With a collection of 450,000 objects, The Museum of Fine Arts owns some of the most rare and important artistic treasures in the world. At every turn, you’ll find breathtaking works of art, from masters of American painting to the icons of Impressionism, from exquisite Asian scrolls to Egyptian mummies. Did you know Fairmont Copley Plaza was built on the original site of the Museum of Fine Arts? When their collection outgrew the smaller space, the MFA chose to build a new, larger museum ten minutes west.
Opened in 1900, Symphony Hall is a concert hall designed by the architectural firm McKim, Mead and White. It was built for the Boston Symphony Orchestra, which continues to make the hall its home. Opened in 1900, Symphony Hall is a concert hall designed by the architectural firm McKim, Mead and White. It was built for the Boston Symphony Orchestra, which continues to make the hall its home.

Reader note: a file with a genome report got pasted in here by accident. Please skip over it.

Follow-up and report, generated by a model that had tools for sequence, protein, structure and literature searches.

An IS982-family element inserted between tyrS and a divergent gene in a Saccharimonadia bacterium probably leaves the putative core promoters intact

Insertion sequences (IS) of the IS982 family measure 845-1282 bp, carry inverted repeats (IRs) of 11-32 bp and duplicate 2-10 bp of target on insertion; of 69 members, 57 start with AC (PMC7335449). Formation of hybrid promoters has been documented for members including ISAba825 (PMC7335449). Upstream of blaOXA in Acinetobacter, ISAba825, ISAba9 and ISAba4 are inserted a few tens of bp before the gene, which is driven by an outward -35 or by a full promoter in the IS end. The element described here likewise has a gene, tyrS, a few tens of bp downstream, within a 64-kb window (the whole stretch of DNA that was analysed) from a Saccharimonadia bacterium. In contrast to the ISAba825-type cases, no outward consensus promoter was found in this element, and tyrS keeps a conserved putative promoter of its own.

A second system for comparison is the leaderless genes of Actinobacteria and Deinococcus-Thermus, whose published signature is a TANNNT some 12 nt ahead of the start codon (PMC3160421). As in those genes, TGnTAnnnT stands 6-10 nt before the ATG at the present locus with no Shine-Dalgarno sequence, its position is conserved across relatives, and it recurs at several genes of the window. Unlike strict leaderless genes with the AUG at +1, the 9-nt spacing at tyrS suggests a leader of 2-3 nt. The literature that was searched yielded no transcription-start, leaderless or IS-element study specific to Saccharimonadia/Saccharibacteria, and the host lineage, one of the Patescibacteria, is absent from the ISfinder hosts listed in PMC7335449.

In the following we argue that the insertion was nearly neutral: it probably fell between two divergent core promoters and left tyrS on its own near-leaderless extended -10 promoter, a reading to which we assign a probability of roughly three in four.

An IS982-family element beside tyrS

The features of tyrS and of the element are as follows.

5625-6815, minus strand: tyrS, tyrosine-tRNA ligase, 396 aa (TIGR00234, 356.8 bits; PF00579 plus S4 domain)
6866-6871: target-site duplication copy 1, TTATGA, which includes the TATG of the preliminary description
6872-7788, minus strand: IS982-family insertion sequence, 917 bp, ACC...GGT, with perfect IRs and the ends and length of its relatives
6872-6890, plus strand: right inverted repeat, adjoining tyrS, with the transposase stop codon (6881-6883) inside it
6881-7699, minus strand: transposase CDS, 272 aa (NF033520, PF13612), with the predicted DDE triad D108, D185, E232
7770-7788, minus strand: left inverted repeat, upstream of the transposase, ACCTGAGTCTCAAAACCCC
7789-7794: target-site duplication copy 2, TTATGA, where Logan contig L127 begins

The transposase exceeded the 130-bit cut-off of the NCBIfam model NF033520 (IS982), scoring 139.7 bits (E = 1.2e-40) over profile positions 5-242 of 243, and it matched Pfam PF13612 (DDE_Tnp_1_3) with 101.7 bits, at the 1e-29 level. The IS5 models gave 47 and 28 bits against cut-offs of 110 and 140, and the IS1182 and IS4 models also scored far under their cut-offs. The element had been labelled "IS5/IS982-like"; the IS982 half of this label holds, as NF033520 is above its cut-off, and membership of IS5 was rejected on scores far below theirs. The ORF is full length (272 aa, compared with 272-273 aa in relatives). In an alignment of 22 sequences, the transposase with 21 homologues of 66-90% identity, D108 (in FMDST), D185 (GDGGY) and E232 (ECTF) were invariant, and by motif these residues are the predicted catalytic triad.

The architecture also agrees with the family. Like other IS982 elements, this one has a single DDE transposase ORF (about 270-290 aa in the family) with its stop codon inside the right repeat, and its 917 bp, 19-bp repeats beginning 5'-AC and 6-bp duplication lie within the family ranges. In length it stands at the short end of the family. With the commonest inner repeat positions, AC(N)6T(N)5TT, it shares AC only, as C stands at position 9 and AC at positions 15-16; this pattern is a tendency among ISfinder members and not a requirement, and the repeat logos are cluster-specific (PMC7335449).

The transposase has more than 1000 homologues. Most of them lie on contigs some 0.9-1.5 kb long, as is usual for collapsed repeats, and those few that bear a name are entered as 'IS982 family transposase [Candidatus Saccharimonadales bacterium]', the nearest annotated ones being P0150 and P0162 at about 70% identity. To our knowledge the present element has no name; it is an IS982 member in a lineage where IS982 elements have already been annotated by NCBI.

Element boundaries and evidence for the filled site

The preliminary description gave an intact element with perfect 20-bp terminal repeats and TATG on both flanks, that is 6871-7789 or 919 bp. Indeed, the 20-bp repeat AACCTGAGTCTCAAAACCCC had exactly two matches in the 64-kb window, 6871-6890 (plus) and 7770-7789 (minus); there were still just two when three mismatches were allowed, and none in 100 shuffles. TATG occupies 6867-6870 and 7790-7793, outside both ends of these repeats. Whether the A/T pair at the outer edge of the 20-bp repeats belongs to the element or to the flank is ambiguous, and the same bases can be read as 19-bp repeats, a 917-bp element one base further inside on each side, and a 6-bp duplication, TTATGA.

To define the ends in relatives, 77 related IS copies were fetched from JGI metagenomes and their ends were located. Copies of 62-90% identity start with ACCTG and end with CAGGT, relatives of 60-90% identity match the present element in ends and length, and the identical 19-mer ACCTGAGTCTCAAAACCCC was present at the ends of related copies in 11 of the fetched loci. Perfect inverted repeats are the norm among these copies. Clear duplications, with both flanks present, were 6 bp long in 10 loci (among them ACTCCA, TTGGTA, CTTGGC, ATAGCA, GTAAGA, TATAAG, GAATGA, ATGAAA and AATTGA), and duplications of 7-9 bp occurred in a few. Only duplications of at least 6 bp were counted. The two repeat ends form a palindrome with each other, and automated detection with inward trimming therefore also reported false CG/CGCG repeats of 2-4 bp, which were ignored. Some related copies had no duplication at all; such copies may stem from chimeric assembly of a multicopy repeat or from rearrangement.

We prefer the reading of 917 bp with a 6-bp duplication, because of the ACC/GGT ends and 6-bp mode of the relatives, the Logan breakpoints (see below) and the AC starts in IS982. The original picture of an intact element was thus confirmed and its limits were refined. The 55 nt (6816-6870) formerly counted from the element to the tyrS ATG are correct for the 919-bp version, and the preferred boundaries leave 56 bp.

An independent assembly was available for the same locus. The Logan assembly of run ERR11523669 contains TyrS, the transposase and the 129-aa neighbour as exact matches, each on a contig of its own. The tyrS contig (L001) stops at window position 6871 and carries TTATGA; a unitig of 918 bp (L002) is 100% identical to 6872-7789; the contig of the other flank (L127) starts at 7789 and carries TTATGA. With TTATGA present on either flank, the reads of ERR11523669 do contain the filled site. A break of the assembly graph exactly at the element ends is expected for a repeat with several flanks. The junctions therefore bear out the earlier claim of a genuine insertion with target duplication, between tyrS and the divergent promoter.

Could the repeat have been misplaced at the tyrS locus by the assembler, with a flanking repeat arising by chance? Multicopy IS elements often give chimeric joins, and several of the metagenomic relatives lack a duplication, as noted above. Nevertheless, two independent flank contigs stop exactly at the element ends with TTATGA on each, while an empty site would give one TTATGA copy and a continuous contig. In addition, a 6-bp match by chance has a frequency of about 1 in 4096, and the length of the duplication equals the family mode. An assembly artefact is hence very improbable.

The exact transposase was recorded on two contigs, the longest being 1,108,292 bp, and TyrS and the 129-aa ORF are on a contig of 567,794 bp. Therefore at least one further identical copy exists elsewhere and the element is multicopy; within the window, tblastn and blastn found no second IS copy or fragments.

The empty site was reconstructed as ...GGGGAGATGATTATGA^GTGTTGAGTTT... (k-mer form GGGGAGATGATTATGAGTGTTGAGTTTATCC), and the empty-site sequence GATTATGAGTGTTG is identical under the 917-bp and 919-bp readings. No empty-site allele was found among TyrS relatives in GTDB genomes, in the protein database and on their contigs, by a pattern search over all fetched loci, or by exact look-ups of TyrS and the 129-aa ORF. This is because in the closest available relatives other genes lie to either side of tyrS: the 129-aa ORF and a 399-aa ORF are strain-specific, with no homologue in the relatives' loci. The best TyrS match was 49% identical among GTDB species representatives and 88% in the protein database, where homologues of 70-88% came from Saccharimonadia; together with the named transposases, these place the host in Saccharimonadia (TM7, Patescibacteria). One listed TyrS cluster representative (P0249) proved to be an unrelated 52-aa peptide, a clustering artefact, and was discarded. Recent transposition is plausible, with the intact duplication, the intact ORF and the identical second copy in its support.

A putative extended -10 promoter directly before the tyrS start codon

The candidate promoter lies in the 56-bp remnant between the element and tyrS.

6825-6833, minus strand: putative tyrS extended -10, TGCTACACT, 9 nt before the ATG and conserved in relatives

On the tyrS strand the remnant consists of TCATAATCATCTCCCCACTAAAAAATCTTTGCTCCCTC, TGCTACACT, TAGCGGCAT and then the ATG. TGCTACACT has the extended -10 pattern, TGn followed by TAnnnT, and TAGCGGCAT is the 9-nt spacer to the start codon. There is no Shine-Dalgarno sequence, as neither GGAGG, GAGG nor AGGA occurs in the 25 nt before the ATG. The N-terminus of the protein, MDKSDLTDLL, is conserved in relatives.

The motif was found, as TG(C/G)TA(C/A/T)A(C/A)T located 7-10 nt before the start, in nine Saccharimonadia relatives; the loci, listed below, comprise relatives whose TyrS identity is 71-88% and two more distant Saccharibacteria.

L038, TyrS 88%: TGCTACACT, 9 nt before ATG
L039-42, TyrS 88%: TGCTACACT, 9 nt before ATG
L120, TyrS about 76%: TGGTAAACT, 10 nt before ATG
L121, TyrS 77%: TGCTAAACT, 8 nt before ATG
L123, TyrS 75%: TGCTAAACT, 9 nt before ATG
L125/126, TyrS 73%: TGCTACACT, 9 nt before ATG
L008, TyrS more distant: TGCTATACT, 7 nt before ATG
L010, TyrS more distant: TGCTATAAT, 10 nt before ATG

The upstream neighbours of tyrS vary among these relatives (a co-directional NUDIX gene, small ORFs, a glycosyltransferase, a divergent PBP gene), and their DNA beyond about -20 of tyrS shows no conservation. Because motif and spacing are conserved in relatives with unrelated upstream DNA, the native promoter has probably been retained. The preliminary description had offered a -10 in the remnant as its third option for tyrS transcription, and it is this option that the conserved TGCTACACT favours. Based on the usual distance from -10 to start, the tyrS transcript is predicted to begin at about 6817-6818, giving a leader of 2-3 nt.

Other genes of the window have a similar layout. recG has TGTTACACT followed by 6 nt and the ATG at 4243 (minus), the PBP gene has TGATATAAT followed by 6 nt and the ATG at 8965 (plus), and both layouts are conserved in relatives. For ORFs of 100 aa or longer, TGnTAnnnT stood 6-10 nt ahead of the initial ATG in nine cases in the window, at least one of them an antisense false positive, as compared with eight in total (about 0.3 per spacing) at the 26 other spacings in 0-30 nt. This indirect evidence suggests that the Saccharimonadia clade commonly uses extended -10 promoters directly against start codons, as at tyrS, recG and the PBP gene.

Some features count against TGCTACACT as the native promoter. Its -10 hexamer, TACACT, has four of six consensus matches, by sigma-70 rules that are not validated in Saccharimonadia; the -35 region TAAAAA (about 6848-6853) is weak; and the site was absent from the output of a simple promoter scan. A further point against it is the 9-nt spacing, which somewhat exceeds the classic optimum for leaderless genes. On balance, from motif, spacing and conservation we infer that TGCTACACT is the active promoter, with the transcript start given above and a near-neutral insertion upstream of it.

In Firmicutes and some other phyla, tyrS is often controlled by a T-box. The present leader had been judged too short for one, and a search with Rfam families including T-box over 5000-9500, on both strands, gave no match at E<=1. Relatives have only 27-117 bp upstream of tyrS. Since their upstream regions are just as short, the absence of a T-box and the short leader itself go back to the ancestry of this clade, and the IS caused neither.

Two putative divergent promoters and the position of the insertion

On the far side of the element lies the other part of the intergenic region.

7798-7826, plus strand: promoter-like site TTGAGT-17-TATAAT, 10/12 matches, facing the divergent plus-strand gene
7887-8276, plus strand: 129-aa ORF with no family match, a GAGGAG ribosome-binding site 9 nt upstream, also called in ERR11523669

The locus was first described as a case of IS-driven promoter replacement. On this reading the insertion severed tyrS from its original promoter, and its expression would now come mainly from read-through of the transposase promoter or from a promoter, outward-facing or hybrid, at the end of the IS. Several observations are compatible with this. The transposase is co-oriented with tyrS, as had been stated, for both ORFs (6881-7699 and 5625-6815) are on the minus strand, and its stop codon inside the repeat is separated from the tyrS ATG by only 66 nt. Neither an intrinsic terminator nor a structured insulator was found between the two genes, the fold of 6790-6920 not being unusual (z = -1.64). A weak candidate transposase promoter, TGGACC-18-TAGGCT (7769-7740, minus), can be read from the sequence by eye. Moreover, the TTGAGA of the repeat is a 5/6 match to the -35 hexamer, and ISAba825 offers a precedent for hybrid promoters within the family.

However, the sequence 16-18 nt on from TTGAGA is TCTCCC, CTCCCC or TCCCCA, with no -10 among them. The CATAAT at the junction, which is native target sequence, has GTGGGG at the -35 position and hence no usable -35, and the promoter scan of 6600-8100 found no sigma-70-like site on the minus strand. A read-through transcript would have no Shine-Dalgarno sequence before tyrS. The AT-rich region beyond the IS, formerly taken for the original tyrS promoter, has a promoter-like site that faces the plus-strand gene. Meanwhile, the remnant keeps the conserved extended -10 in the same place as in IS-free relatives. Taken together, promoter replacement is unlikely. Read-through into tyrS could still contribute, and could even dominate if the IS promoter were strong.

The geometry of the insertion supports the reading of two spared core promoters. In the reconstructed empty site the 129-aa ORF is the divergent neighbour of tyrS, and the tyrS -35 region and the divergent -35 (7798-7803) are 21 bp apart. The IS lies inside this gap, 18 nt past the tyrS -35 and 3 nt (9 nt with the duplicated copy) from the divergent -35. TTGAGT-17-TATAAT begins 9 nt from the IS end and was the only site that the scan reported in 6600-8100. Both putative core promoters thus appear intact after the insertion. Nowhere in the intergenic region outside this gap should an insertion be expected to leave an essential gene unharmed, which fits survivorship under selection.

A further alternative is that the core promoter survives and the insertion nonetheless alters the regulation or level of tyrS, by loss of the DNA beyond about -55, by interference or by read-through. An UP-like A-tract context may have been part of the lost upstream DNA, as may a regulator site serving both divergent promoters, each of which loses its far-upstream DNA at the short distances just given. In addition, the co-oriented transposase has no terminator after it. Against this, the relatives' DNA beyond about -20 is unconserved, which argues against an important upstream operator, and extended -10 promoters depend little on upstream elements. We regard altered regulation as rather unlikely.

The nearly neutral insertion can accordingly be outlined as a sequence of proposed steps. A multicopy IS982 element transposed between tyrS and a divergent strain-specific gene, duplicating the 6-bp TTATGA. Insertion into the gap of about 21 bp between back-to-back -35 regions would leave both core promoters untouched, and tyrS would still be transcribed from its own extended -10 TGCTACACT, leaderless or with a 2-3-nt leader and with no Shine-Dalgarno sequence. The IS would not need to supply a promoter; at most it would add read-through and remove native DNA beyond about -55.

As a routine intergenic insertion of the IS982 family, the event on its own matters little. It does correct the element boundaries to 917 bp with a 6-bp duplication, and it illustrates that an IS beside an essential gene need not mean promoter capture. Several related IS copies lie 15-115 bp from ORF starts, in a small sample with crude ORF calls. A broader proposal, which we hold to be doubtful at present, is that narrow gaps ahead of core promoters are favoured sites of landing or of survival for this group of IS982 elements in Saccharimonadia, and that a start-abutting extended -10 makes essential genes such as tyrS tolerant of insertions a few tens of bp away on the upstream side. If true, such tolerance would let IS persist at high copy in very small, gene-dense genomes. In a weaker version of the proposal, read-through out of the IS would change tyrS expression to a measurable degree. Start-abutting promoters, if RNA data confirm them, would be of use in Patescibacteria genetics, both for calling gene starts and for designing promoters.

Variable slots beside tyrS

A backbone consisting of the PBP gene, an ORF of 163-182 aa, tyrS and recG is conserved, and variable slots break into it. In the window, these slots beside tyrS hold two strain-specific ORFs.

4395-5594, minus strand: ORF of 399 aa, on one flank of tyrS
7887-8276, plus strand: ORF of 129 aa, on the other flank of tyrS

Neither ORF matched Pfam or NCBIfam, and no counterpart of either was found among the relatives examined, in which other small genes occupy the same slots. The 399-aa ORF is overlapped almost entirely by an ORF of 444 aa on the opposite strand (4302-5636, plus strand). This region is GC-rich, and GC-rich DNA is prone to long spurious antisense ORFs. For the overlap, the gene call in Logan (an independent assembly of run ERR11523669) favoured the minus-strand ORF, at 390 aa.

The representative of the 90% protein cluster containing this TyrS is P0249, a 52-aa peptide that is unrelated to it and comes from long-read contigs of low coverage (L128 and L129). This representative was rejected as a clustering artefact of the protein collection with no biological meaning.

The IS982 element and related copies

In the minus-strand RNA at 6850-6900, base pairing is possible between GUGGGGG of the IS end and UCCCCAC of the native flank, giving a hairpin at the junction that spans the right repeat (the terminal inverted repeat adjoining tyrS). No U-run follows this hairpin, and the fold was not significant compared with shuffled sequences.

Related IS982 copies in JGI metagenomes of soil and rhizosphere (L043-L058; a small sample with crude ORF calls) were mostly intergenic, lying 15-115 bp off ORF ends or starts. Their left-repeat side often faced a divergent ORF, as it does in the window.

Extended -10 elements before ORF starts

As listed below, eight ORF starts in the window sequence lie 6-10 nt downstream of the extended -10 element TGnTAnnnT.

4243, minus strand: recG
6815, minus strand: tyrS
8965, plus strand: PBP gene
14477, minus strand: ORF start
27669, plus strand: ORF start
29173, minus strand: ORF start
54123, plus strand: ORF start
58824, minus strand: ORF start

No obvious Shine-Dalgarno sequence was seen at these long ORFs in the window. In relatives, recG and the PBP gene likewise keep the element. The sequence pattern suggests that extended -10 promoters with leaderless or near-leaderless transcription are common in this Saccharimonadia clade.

Tenth grade social studies a little foggy? Or perhaps you’re a bona fide history buff. Regardless, you’ll delight in a trip down The Freedom Trail. The 2.5-mile red brick road takes you in and around 16 national sites, museums, parks, burial grounds and historic markers illustrating Boston’s rich Colonial history and pivotal role in the 1775 American Revolution.
Trinity Church is located across the street from our hotel in Copley Square and was foudned in 1733. The building has been designated as “one of the ten most important buildings in America” by the American Institute of Architects.
Not just a grand building with shelves of ancient tomes, the famed Boston Public Library is a celebrated landmark. It’s also right across the street from the hotel. Particularly cherished is the Bates Hall Reading Room with its dramatic coffered ceiling soaring 50 feet up. Housing 24 million volumes, the 1848 library is the largest of its kind in the country and home to many firsts.